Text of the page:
by Editor Yvette Leur
I was first introduced to Peggy Saffrie at a network meeting organized by a Fine Art Printer. It was a great afternoon where like minded photographers and artists had the opportunity to talk candidly about the pros and cons of the photography/art business. I had seen some of her images at the Canon Grand Prix 2017 competition trough social media and was truly impressed by the impact her images had. When our paths crossed again, this time at a network Barbecue, I just blurted out, "I have to interview you next." The way she can tell about her vision, inspiration and struggles is truly inspiring to me. And let's face it, her images are amazing. So I would love to introduce you, the readers and viewers from the 1x community to this artist who tells her stories using imagery.
Please introduce yourself to the readers?
My name is Peggy Saffrie. I am a Dutch, half Indonesian Photographer, Digital Artist. Married with two little children. I like to tell my stories by using imagery, using nature as my guide.
When did you start photography?
The intention to start photography was existing long before I started. About eight years ago I finally followed trough and went back to school. I didn't start sooner because of the people surrounding me. They were saying, there's no money to be made in photography.
For years there was this feeling, something was missing. I didn't figure it out immediately but later realized it was photography. After following a base course in photography, everything just came together, it was like a real Duh! moment. I just became a mother for the first time but I realized, I don't know how, but I have to do this. This is my path. And while there are always arguments to delay, I knew I had to start right now. I did it and never had any regrets.
How would you describe your photography style?
Storytelling, Melancholic, Confronting. I want the viewer to have a first look, like the image but then start thinking. Have another look and try to figure out "what is really happening in this picture?" Hand out a sort of trigger to keep observing.
The most important part is the stories behind the images. Not my vision of the truth, but my opinion or perception.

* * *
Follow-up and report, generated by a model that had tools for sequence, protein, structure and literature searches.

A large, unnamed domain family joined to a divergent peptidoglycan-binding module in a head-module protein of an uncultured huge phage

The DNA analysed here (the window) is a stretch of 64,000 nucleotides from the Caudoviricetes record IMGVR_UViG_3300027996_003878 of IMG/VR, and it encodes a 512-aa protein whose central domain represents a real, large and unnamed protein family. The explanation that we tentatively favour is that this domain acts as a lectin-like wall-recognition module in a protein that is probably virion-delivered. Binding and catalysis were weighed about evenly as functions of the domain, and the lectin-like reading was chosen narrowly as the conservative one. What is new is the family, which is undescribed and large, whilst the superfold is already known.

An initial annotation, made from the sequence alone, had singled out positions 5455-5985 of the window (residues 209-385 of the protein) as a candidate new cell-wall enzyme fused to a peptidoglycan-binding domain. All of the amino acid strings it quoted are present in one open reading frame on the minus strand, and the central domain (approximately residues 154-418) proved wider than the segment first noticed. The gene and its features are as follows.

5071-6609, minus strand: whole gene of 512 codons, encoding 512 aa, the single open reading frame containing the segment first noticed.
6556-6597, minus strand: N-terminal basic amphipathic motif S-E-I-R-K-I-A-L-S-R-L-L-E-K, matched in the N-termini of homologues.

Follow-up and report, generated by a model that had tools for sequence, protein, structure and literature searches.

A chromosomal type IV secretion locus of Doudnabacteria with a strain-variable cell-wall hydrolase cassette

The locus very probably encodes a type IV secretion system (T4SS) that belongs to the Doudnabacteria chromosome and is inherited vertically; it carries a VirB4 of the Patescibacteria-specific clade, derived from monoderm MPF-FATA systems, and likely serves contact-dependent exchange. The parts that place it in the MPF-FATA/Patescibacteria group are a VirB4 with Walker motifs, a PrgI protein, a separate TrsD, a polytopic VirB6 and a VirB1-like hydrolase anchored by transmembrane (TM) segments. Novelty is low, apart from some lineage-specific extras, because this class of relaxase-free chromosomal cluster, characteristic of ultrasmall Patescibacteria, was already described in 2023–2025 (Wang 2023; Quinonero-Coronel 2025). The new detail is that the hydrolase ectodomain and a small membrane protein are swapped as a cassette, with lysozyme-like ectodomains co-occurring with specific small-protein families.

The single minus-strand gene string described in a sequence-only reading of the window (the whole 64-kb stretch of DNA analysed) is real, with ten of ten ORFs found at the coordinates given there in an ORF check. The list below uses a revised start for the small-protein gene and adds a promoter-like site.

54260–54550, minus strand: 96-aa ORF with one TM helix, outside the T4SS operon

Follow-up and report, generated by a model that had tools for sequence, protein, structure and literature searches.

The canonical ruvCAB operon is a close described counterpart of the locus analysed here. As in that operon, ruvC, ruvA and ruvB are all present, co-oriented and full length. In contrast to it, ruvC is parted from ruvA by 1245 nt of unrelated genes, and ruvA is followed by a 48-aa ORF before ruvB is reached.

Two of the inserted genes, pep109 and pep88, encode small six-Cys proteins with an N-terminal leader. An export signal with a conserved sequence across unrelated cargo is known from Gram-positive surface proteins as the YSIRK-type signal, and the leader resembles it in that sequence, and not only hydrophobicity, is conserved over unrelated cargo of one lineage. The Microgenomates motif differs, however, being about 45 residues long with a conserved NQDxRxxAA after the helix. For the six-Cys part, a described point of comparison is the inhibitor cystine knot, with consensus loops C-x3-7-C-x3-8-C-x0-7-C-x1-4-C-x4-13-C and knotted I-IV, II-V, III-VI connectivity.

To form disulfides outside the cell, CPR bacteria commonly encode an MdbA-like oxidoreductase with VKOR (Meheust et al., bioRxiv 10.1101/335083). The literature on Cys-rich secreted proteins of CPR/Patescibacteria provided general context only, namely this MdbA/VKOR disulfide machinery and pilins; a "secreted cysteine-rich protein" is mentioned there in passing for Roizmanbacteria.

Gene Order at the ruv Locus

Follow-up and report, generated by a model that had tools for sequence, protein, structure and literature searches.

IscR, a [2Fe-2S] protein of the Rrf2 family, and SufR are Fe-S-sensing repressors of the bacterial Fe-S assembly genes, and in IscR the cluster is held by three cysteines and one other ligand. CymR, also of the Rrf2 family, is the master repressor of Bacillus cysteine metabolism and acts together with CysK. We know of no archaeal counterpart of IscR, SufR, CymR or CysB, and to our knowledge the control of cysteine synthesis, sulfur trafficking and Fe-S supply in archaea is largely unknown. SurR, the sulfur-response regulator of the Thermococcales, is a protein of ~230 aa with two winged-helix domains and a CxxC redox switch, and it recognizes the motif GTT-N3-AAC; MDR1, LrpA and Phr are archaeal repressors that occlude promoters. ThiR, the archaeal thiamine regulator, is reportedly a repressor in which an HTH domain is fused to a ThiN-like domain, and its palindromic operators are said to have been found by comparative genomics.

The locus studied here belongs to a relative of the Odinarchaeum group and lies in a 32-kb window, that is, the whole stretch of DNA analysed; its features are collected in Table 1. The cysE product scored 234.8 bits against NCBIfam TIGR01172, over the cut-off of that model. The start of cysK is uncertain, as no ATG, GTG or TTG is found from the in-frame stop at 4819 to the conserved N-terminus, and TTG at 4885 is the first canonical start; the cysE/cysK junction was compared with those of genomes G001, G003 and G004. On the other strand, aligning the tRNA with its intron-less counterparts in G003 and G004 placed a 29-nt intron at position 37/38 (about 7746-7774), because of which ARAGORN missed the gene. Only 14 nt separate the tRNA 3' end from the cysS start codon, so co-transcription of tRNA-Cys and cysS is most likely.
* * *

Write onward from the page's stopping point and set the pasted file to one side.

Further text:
What is it, you like to share most in your photography?
Emotion, awakening. Evoke a reaction or feeling. Confronting people with subjects they haven't thought about before they saw the image.
Do you think about that concept before you start the process?
Yes, about the feelings that can be behind an idea. How to decode the story. People don't often make time to think about how other people perceive things. Or my interpretation of it. I don't think I am strong enough yet to verbally describe my feelings, but with my images, I feel I can do a much better job. Maybe people will realize, maybe not. It's OK either way.
For example the photograph "Secrets of Perfection'. It's about our goals to strive for perfection. You do not want to show your imperfections. What's considered perfect is put on a pedestal. And those same people have to deal with the same problems and imperfections on a daily basis. Why can't it be good enough just the way it is?
How did you develop your own style?
The need that I wanted to create and tell stories was always present. I followed workshops and kept on learning and practising. I collect a lot of images, try to dissect why I like it. What works, why it's so alluring to me. The images can be anything, drawings, paintings, photographs, even projections onstage during a concert. I am noticing that I start to search for more divers media than just photography nowadays. Like paintings and digital artwork are added to the collection.
My photographic style? It's like a digital pallet. You can't say photography with lots of Photoshop is realistic, but neither is a painting.
Are you photographing/editing full time?
Yes I just started photography and digital art full time.
What do you think about the business end of the work?
I can't judge about this yet. I am just starting my career in this new path. It's exiting for I am not a very businesslike person. That is the complete opposite of how I feel and what my art is about.
It is going to be a great adventure for sure.
What is the best piece of advice you've ever been given? Who gave you that advice?
Never give up! I can spend many hours, sometimes even days on editing one single image. I used to think this was just stupid, that nobody would spend that amount of time editing. It felt like failure. I really do love the editing process. But when it didn't feel right, I needed to spend more hours on the final image.
When you find out later your work is appreciated, that the hours of editing paid off and people can tell how much effort you've put in, that that's the magic. Then it can never be to many hours. It's your work, so you decide, always!
Where did your passion for creating images come from?